Chief Executive Carrie Lam said the government would not rule out simultaneously conducting the three-step process for approving the controversial joint checkpoint arrangement, should the legislature be unable to pass a motion on the mechanism in time. The pro-democracy camp says that Lam’s stance proves that the motion is unnecessary.
The Legislative Council was scheduled to debate a non-binding motion on the arrangement for the Guangzhou-Shenzhen-Hong Kong Express Rail Link on Wednesday, but a surprise tactic employed by the pro-democracy camp delayed it for a day. Democrats also deployed filibuster tactics such as calling for headcounts.
Lam had said that the government would begin a three-step process after the motion was passed. But on Thursday, she warned that the government may take action, if legislative approval is not forthcoming in next week’s meetings.
The mechanism will involve “leasing” land to China and effectively giving up Hong Kong jurisdiction across a quarter of the West Kowloon terminus for faster immigration procedures performed by mainland law enforcement agents. Pro-democracy groups and scholars have raised concerns over what they called the ceding of territory to the mainland and potential violations of the Basic Law.
The three-step process involves: reaching an agreement with mainland authorities; seeking approval from the Standing Committee of the National People’s Congress to give Hong Kong power to “lease” land; and then enacting the arrangement through local legislation.
‘There is a time limit’
“I do not have any guarantee that the non-binding motion will be passed in a short period of time – thus, I will not rule out simultaneously launching the three steps in one go, should lawmakers continue to delay the motion,” she said. “There is a time limit – the public sincerely expects the rail link to operate in the third quarter next year.”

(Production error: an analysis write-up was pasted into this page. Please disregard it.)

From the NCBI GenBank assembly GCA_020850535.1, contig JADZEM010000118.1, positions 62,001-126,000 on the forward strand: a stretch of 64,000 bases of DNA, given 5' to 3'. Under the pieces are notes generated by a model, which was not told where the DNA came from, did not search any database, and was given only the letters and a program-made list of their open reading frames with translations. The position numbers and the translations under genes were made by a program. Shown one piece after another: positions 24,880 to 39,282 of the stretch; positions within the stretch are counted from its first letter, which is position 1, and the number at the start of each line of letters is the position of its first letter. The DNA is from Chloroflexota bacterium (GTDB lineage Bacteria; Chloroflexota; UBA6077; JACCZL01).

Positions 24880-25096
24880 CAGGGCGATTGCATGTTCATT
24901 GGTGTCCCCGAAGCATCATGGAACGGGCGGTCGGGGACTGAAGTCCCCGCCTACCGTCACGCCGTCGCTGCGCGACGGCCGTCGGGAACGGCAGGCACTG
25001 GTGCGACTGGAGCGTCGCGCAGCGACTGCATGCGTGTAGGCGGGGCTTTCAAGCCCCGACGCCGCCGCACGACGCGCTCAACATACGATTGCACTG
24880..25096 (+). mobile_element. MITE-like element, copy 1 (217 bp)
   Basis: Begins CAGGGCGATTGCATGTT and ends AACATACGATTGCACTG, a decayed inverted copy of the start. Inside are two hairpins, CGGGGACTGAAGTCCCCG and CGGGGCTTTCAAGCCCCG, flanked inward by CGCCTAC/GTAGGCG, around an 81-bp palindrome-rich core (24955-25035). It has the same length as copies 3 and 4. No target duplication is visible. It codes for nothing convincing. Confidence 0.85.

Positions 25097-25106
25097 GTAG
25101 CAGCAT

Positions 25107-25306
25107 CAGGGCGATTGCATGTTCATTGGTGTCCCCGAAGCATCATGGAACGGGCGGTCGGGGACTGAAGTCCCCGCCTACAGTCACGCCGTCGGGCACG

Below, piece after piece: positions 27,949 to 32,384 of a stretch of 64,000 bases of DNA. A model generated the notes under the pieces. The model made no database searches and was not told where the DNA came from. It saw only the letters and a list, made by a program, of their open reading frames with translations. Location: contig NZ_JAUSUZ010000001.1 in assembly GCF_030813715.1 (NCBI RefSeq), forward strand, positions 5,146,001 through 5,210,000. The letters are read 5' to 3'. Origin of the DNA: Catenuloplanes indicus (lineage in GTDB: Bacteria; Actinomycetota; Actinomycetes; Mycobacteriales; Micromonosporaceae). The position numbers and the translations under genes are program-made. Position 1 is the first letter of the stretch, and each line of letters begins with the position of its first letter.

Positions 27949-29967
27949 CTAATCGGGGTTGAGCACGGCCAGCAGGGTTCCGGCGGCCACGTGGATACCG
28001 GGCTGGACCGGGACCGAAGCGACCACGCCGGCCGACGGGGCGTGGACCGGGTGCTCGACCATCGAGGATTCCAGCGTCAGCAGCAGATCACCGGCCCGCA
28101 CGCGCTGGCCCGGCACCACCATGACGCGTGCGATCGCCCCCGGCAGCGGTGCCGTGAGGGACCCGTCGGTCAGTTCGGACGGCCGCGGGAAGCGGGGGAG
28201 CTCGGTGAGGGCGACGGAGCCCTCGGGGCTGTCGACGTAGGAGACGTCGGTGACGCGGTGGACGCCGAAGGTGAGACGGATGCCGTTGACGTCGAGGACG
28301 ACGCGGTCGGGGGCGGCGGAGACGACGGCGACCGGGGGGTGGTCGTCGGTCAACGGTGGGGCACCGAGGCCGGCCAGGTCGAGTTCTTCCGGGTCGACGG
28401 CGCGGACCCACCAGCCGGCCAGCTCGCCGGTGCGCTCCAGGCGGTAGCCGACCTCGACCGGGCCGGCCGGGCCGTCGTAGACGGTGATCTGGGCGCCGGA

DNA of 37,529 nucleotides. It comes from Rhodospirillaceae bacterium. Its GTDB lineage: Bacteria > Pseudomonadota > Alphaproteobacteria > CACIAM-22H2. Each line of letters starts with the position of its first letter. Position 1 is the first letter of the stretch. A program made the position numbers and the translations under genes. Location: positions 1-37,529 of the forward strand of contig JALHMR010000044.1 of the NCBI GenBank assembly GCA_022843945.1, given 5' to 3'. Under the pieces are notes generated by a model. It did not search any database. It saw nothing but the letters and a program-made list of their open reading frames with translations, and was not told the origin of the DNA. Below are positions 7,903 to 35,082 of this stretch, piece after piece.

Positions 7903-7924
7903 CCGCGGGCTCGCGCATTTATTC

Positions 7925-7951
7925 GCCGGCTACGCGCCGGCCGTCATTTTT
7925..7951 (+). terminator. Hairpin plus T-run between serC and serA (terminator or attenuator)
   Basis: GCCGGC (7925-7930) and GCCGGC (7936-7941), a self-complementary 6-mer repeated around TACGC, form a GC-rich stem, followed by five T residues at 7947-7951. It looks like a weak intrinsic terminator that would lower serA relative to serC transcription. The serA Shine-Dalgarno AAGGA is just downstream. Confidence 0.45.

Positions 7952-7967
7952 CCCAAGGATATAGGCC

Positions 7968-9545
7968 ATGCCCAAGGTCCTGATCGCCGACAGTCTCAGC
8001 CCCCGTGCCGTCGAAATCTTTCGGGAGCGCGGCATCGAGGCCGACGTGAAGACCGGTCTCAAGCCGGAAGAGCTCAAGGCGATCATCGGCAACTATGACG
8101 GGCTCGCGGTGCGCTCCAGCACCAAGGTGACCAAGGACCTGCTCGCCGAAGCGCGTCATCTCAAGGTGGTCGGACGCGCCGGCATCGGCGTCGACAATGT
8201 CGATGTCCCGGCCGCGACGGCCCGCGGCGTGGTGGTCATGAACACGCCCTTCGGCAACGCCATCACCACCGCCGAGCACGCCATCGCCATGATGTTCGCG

She denied she was threatening the legislature: “A responsible government, a responsible chief executive cannot ignore this worsening situation.”
“However, it’s too early to say what we will do – we still have a few days of meetings. I have said yesterday that I did not dream of passing it this week,” she said, adding that she expected it to be passed by next Thursday.
“But if it cannot be passed by then, I cannot just stop all work to wait for the Legislative Council. If you want to use [words] like ‘threatening’ or ‘blackmailing’, maybe it’s not accurate to use them against me – now, the government is the victim.”
The delay tactics adopted by pro-democracy lawmaker Eddie Chu had ceased by noon Thursday, since pro-democracy lawmakers had each used up their 15 minute speaking slots.
But as the LegCo started debating the joint checkpoint motion, lawmaker Claudia Mo raised a counter motion to suspend the debate, further stalling the meeting.
Civic Party lawmaker Tanya Chan said that it proved that the non-binding motion debate was not a prerequisite to the three-step process.
Chan said the government had suspended the debates for the stamp duty bill amendments, and another bill on amendments to the District Council laws, in order to allow the joint checkpoint debate to jump the queue.
“She has used all means to manipulate public opinion, forcing the LegCo to pass the non-binding motion to create a mandate for her,” she said. “Passing the non-binding motion or not is unrelated to the operation of the Express Rail Link – the pro-establishment camp should stop smearing us.”